This week the Cut has, as you may have noticed, become the premiere destination on the web for time-related discourse. My esteemed colleagues have published articles on the benefits of waking up and going to bed early, as well as dissents in favor of being a night owl. Inspired by these, as well as the general steady, unyielding march to oblivion, I feel compelled to share my own opinion: it is the afternoon that is the worst time.
I’m a morning person and, like Edith Zimmerman, prefer to wake up around 5 a.m. I admire the boldness of Katie Heaney’s suggestion to go to bed at 8:45 p.m. And though I’m typically asleep around 10:30 or 11 p.m., hours before Anna Silman, I see magic and potential in the late night and earliest morning hours.
The time in between, though, I hate with my life.
My weekdays typically start on a high note: I’m awake! I’m alive! I’m filled with gratitude at the very miracle of existence, or whatever meditative bullshit I’m trying at the moment! I exercise, I shower and get dressed, I eat breakfast, I tell my dog I love him 20 times, and I go to work. I arrive invigorated and productive, looking forward to lunch as a natural demarcation point for my day. It’s when I finish my last bite, usually around 1:30 p.m., that the first bit of dread starts to creep in. (Lunch is, by the way, the worst meal, but that’s for another essay.) I realize I now have at least six hours before I get to unwind and eat dinner, and I get unreasonably sad.
From there, the hours of 2 and 4 p.m. are inevitably the nadir of my day. Time stretches in front of me, a barren desert — not a bougie glamping scene from Joshua Tree, but the Kalimari Desert from Mario Kart 64. I am, for no discernible reason, completely exhausted. I’m full from lunch but if I don’t have 1,000 pounds of refined sugar injected into my veins immediately, I’m going to evaporate. There are somehow more hours left in the workday than when I arrived.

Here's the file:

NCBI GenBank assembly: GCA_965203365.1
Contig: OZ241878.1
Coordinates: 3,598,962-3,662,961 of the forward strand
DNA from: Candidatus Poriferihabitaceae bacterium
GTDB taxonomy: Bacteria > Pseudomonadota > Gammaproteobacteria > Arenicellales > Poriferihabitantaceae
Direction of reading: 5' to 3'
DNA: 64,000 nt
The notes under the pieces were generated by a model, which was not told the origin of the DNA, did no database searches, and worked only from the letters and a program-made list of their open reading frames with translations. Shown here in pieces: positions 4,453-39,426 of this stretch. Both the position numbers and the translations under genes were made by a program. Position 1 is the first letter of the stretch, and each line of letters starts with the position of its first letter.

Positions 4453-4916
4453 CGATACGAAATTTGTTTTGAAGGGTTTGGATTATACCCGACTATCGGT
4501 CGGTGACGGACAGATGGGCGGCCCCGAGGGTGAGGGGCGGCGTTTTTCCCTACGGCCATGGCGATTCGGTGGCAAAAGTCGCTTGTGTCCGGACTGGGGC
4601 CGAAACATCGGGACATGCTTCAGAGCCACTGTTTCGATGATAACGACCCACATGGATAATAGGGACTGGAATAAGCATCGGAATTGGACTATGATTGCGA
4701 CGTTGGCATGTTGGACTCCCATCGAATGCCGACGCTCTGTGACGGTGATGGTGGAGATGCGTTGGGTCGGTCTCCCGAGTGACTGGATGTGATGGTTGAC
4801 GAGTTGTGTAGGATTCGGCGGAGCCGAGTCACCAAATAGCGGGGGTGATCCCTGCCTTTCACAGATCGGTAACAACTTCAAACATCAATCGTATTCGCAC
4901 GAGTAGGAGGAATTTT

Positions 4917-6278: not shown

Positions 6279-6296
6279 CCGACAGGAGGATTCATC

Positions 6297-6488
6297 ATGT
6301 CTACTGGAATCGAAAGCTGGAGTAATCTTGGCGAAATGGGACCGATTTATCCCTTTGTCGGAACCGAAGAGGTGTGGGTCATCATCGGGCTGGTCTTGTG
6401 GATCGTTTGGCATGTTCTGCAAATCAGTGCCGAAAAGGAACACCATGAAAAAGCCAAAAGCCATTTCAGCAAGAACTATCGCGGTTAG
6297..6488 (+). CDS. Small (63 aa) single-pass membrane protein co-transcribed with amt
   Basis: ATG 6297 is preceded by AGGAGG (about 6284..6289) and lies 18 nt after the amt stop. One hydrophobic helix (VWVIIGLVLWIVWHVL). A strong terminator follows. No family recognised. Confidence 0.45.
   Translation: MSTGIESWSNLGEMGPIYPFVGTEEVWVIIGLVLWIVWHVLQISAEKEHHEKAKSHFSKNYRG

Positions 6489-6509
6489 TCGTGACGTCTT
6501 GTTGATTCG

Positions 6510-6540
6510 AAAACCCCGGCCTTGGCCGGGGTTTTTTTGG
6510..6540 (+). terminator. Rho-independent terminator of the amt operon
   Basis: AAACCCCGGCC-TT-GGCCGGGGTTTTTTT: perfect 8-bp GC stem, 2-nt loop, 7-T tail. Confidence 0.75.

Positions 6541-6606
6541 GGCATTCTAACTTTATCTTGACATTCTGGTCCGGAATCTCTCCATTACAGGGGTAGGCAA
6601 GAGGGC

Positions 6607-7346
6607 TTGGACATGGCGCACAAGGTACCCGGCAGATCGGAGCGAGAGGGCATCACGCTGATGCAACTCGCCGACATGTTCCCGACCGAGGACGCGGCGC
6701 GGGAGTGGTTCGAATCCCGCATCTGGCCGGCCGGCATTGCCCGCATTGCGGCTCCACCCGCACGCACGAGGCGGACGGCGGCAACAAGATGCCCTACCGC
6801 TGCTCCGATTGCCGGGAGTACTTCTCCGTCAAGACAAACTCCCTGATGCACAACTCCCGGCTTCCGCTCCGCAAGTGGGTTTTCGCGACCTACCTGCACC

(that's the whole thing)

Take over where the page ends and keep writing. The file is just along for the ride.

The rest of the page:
Science, for what it’s worth, is on my side here. One study cited in Daniel Pink’s book When: The Scientific Secrets of Perfect Timing pegged 2:55 p.m. as the least productive time of day. Mental cognition can drop as well — a study involving 2 million standardized tests in Denmark “revealed that students who’d been randomly assigned to take standardized tests in the afternoon scored significantly lower than those randomly assigned to take them in the morning.” Of course, productivity and sharpness shouldn’t be correlated with quality of life, but the slump is undeniable: Pink also found a pattern in which moods were elevated in the morning, fell in the early afternoon, and then rose again later.
Maybe if I lived somewhere else, my afternoons would be more pleasant. Having an extended lunch break like the Italians or a Spanish siesta might break up the monotony and chase the existential dread away. For now, I must resign myself to this identity: someone who smugly wakes up early, goes to bed at a regular time, and completely and absolutely wilts in the afternoon.